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Am Fam Physician. 2017;95(10):628-636

Patient information: See related handout on taking care of healing cuts.

Author disclosure: No relevant financial affiliation.

The goals of laceration repair are to achieve hemostasis and optimal cosmetic results without increasing the risk of infection. Many aspects of laceration repair have not changed over the years, but there is evidence to support some updates to standard management. Studies have been unable to define a “golden period” for which a wound can safely be repaired without increasing risk of infection. Depending on the type of wound, it may be reasonable to close even 18 or more hours after injury. The use of nonsterile gloves during laceration repair does not increase the risk of wound infection compared with sterile gloves. Irrigation with potable tap water rather than sterile saline also does not increase the risk of wound infection. Good evidence suggests that local anesthetic with epinephrine in a concentration of up to 1:100,000 is safe for use on digits. Local anesthetic with epinephrine in a concentration of 1:200,000 is safe for use on the nose and ears. Tissue adhesives and wound adhesive strips can be used effectively in low-tension skin areas. Wounds heal faster in a moist environment and therefore occlusive and semiocclusive dressings should be considered when available. Tetanus prophylaxis should be provided if indicated. Timing of suture removal depends on location and is based on expert opinion and experience.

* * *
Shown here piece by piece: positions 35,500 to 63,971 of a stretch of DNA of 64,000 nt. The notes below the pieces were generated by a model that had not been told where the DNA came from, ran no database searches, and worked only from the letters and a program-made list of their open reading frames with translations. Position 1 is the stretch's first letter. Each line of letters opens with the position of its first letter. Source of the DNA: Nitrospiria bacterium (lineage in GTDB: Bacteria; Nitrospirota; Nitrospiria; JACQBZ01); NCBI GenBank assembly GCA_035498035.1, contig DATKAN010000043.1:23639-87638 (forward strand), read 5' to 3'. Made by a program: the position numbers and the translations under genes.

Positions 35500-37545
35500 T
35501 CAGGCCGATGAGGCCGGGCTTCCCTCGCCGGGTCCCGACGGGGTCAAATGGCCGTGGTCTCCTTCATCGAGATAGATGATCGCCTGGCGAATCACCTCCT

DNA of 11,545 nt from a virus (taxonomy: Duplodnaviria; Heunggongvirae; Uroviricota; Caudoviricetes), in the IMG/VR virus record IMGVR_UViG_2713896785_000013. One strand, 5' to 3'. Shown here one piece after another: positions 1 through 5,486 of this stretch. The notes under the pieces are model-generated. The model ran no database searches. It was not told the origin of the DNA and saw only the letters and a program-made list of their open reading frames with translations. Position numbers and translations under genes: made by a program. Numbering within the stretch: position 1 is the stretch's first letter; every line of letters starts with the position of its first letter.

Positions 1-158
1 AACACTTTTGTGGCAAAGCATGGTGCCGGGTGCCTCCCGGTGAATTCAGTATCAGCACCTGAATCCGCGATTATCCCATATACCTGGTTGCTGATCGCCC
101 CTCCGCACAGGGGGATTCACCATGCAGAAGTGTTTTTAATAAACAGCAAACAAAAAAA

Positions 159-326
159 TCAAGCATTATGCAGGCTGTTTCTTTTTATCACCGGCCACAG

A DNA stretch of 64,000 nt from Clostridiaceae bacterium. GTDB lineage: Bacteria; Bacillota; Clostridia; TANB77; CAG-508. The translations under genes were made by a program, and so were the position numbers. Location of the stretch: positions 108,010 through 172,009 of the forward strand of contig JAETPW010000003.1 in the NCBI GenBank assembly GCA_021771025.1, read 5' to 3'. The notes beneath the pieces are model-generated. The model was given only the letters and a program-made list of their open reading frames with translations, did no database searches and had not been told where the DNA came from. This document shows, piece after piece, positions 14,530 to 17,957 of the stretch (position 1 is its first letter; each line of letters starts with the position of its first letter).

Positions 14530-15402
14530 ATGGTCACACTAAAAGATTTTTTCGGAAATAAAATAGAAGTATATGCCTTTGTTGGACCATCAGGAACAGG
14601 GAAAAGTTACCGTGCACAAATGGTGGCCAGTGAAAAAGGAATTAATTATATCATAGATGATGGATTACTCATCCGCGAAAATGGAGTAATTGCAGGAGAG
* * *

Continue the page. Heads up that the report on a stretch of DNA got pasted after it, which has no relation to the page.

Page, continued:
Approximately 6 million patients present to emergency departments for laceration treatment every year.1 Although many patients seek care at emergency departments or urgent care centers, primary care physicians are an important resource for urgent laceration treatment. Many aspects of laceration repair have not changed, but there is evidence to support some updates to standard management.